A Lost People’s Archive by Rimli Sengupta

People's Archive

Akankshya Abismruta reviews Rimli Sengupta’s A Lost People’s Archive (Published by Aleph Book Company, June 2023) Rimli Sengupta’s second novel A Lost People’s Archive is about the impact of the partition of India on the people of present-day Bangladesh, known in the book as Bangals, different from the Bengali folks of India. The Punjab partition […]

Courting Hindustan by Madhur Gupta – A window to the lives of 10 spectacular women

book review of madhur gupta's book courting hindustan

Akankshya Abismruta reviews Madhur Gupta’s Courting Hindustan (Published by Rupa Publications, 2023) In Courting Hindustan: The Consuming Passions of Iconic Women Performers of India, Madhur Gupta delves into the lives and times of 10 spectacular women who have either been forgotten or whose voices have been silenced throughout history. In the introduction, Gupta provides a […]

Re-reading Volga’s The Liberation of Sita through my 20s


Akankshya Abismruta reviews The Liberation of Sita by Volga, originally written in Telugu and translated into English by T. Vijay Kumar and C. Vijayasree. If you think that there are no narratives that showcase female friendship in mythology, then Volga’s The Liberation of Sita is the one for you. I have read it multiple times […]

Chandrabati’s Ramayan: A 16th-Century Indigenous Lyrical Telling of Sita’s Story


Akankshya Abismruta reviews Chandrabati’s Ramayan (Translated from Bengali by Nabaneeta Dev Sen) and published by Zubaan Publishers (2020). Chandrabati, living in the 16th century in present-day Bangladesh, is the first woman poet who wrote in Bangla. She is also the first poet in Bangla to retell Ramayana from Sita’s perspective. Her Ramayana was lyrical and […]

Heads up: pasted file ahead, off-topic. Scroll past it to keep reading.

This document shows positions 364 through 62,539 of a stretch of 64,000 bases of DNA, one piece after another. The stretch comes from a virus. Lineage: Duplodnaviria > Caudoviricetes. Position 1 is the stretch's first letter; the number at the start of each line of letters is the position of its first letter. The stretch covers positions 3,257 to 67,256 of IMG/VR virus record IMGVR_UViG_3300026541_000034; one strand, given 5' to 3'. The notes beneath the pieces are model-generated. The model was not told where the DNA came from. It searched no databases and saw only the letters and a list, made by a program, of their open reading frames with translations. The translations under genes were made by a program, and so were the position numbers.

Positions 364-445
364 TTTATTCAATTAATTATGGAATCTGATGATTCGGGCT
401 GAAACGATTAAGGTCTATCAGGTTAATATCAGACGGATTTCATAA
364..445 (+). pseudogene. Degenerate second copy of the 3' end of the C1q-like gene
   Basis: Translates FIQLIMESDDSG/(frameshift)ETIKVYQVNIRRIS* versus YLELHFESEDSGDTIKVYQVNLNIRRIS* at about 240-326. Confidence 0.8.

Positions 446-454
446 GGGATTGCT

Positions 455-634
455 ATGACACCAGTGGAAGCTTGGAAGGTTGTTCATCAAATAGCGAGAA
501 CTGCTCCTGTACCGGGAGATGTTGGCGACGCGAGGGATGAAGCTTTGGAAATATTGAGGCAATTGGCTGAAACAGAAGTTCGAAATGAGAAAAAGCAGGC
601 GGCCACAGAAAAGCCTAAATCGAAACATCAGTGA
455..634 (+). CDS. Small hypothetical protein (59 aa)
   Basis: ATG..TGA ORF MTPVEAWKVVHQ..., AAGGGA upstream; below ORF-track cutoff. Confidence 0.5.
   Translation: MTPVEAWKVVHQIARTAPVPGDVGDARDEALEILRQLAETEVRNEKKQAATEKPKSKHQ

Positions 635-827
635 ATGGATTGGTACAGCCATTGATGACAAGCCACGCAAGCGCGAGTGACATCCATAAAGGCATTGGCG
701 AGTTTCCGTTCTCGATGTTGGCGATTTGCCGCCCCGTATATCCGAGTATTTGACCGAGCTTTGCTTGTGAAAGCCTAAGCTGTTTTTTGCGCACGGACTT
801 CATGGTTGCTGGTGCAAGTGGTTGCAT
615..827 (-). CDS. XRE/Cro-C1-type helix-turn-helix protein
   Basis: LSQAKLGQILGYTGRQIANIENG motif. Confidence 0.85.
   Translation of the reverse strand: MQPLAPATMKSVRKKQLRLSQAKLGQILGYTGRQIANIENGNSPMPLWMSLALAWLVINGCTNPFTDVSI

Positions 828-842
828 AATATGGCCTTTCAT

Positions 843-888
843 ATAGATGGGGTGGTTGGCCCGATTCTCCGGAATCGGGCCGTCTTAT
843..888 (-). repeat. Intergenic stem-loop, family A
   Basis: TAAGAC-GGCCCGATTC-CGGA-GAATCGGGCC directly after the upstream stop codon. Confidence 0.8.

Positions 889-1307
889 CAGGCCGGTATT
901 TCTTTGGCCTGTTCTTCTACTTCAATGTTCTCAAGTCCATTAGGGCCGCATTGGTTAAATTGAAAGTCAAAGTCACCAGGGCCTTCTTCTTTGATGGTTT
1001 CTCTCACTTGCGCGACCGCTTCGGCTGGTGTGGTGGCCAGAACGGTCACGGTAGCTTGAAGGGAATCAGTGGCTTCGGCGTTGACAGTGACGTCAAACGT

Patna Blues by Abdullah Khan: Small Town Living, the 90s, and the Atrocities in India

Feature image for the review of a book about Patna, India.

Patna Blues by Abdullah Khan (Published by Juggernaut, 2018) is a captivating read with its simple prose, vivid descriptions of places, and well-developed characters Abdullah Khan quotes the famous lines from Faiz’s poem, Mujhse Pehli Si Mohabbat, as the epigraph of the book which foreshadows the story that is to begin. Aur bhi dukh hain […]

Sultana’s Dream: Rokeya Sakhawat Hossain’s satire on male oppression

Feature image for a book review of Sultana's Dream

The non-Purdah abiding, science-savy women in Rokeya Sakhawat Hossain’s Sultana’s Dream Rokeya Sakhawat Hossain was born (in 1880) to an orthodox zamindar during a time when women’s education was deeply frowned upon in the Indian subcontinent. She wasn’t allowed to go to school and was secretly taught English and Bengali by her siblings. She grew […]

Anukrti Upadhyay’s The Blue Women are full of love and magic!

feature image of two women talking over coffee, created for this review of The Blue Women, a collection of short stories

The Blue Women by Anukrti Upadhyay navigates into lived lives of people, their inner demons, and perceived evil. Life is not a victim of reason and logic. We tend to look for causality, we often do not succeed. We live, and we react. It does not make sense, so we try to find comfort in […]

The Only Way Out Is Death by Varun Gwalani-Thriller or Post-pandemic fiction?

review of a book by varun gwalani, the only way out is death

Akankshya Abismruta reviews Varun Gwalani’s The Only Way Out is Death (Saga Fiction, 2022) Locked-room thriller immediately reminds me of And Then There Were None by Agatha Christie. While Christie used the titular poem to craft the murders in her book, Varun Gwalani uses the pandemic and the following lockdown to build the context of his […]

Reading Beyond My Prejudices: The Naani Diaries by Riva Razdan

feature image for a review of romance novel naani diaries

Akankshya Abismruta reviews Riva Razdan’s The Naani Diaries (published by HarperCollins India, 2023). The last Indian love story I read by an Indian author was Revolution 2020. I was 17, and so disgusted that I not only stopped reading Bhagat but also concluded that Indians cannot write love stories as authors like Nicholas Sparks in […]